Rugby CEO: Champions Cup Worth Wait F1 Considers Active Suspension Return CAS Blasts Jamaica Anti-Doping Officials Court Asks BCCI To Probe IPL Betting Super Rugby Concerned Over Expansion Spanish Basketball Issued EC Ultimatum NRL Rules Out Ban On Lifting Tackles NPB Ball Supplier Mizuno Admits To Error League Notes Formula E Focuses On U.S., Asia
Enter amount in full numerical value, without currency symbol or commas (ex: 3000000).
Upcoming Conferences and Events
SBD Global/October 24, 2012/Leagues and Governing Bodies
SA Could Have Grounds To Sue Armstrong; UCI President Calls Whistleblowers 'Scumbags'
Published October 24, 2012
CHANGING THE PAST: In Sydney, Rupert Guinness wrote former Int'l Cycling Union (UCI) VP Ray Godkin said that "in hindsight the Int'l Cycling Union could have pursued suspicions over Lance Armstrong earlier." Godkin backed UCI President Pat McQuaid's explanation that the UCI did not have ''the tools then that we have now'' to catch doping cheats. Godkin said, "'U.S. Cycling -- they could have been more vigorous because they had been talking about it for a long time -- USADA, but also [World Anti-Doping Agency]. They are all involved, including the UCI, if you like" (SMH, 10/24). In Sydney, Guinness also noted former Australian Sports Anti-Doping Agency Legal Dir Catherine Ordway believes that Cycling Australia "should have asked" former rider Matt White directly if he had doped during his racing career before signing him up as a professional coordinator and national men's team coach. White has recently stepped down from those positions. Ordway said that cycling officials "should have had heard enough suspicion about the state of drug use in cycling" while White rode for the U.S. Postal Service team of Armstrong '01-03 "to ask him outright if he had used drugs" (SMH, 10/24). Also in Sydney, Joe Kelly reported that the Labor Party "has opted to cut its funding to counter illicit drugs in sport," despite the recent revelations of endemic drug use in the cycling world. The government "hopes to claw back A$3.6M ($3.7M) over three years" from '13-14 by ending its contributions to the Illicit Drugs in Sport program (THE AUSTRALIAN, 10/23).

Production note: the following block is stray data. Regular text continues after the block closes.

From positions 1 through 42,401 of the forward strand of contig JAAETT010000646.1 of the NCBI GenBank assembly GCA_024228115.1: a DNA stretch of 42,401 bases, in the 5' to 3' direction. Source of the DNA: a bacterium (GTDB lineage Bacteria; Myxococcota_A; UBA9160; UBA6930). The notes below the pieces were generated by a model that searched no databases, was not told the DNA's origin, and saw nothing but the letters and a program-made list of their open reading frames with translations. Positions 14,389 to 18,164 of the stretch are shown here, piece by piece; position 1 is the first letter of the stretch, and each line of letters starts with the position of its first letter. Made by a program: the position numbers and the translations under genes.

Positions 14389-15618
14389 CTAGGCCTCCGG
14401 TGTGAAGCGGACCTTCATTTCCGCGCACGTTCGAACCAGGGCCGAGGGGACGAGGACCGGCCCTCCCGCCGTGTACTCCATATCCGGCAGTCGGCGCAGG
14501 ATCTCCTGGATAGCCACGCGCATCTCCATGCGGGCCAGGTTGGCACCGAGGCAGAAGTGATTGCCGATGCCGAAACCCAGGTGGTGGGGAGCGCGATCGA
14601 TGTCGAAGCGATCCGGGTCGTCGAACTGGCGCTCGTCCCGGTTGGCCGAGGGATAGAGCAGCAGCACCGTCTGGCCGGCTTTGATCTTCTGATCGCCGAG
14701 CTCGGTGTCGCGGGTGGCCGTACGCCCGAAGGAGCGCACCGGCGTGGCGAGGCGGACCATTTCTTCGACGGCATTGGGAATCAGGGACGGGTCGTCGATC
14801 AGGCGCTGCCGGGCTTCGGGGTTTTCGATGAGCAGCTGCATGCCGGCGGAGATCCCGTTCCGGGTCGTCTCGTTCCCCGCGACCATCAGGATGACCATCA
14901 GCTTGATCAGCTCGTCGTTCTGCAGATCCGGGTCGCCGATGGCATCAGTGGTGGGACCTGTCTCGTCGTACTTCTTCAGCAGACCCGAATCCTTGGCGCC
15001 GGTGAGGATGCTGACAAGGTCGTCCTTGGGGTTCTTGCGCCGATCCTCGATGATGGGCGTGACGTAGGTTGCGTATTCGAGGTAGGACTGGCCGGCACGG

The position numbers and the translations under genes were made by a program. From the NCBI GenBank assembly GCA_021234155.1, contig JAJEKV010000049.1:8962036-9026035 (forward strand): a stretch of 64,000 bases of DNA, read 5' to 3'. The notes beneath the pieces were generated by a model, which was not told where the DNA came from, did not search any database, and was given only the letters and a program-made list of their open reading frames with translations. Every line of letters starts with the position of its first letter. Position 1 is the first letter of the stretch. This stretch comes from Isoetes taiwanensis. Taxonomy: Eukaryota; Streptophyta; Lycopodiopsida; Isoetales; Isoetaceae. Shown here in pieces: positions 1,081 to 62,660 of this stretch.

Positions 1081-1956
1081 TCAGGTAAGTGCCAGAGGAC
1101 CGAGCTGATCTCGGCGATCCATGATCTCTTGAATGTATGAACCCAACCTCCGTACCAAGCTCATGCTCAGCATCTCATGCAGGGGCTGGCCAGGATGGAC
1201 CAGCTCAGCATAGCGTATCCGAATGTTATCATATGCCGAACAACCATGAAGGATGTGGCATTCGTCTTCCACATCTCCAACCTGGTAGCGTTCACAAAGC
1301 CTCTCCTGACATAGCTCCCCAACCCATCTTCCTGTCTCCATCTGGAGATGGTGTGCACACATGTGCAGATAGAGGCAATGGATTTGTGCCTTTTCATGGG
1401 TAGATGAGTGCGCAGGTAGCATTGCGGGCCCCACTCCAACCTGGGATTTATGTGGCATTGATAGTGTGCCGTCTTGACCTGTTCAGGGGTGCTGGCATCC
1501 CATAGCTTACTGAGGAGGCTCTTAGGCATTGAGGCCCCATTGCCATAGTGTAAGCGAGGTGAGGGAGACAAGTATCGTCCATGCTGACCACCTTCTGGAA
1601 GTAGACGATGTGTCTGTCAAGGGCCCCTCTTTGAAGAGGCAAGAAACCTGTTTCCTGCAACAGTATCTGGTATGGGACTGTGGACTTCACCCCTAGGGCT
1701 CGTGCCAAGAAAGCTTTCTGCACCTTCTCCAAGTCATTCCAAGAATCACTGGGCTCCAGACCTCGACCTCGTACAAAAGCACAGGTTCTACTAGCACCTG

TO TELL OR NOT TO TELL: In London, Nick Hoult noted McQuaid has described the whistleblowers who exposed Armstrong's doping as "scumbags." McQuaid, who said that his resignation was not an option, "then attacked two former teammates of Armstrong -- Tyler Hamilton and Floyd Landis." British cyclist and former drug user David Millar, who now campaigns for a clean sport, asked the UCI to apologize. McQuaid responded: "I don't think the UCI should apologise. They didn't hold Millar's hand when he stuck a needle in his backside." McQuaid added, "Another thing that annoys me is that Landis and Hamilton are being made out to be heroes. They are as far from heroes as night and day. They are not heroes. They are scumbags" (TELEGRAPH, 10/23). REUTERS noted Hamilton, whose testimony helped bring down Armstrong, "has hit out" at McQuaid saying the UCI boss has "no place" in the sport. Hamilton wrote in a statement: "Instead of seizing an opportunity to instil hope for the next generation of cyclists, he continues to point fingers, shift blame and attack those who speak out, tactics that are no longer effective. Pat McQuaid has no place in cycling" (REUTERS, 10/23).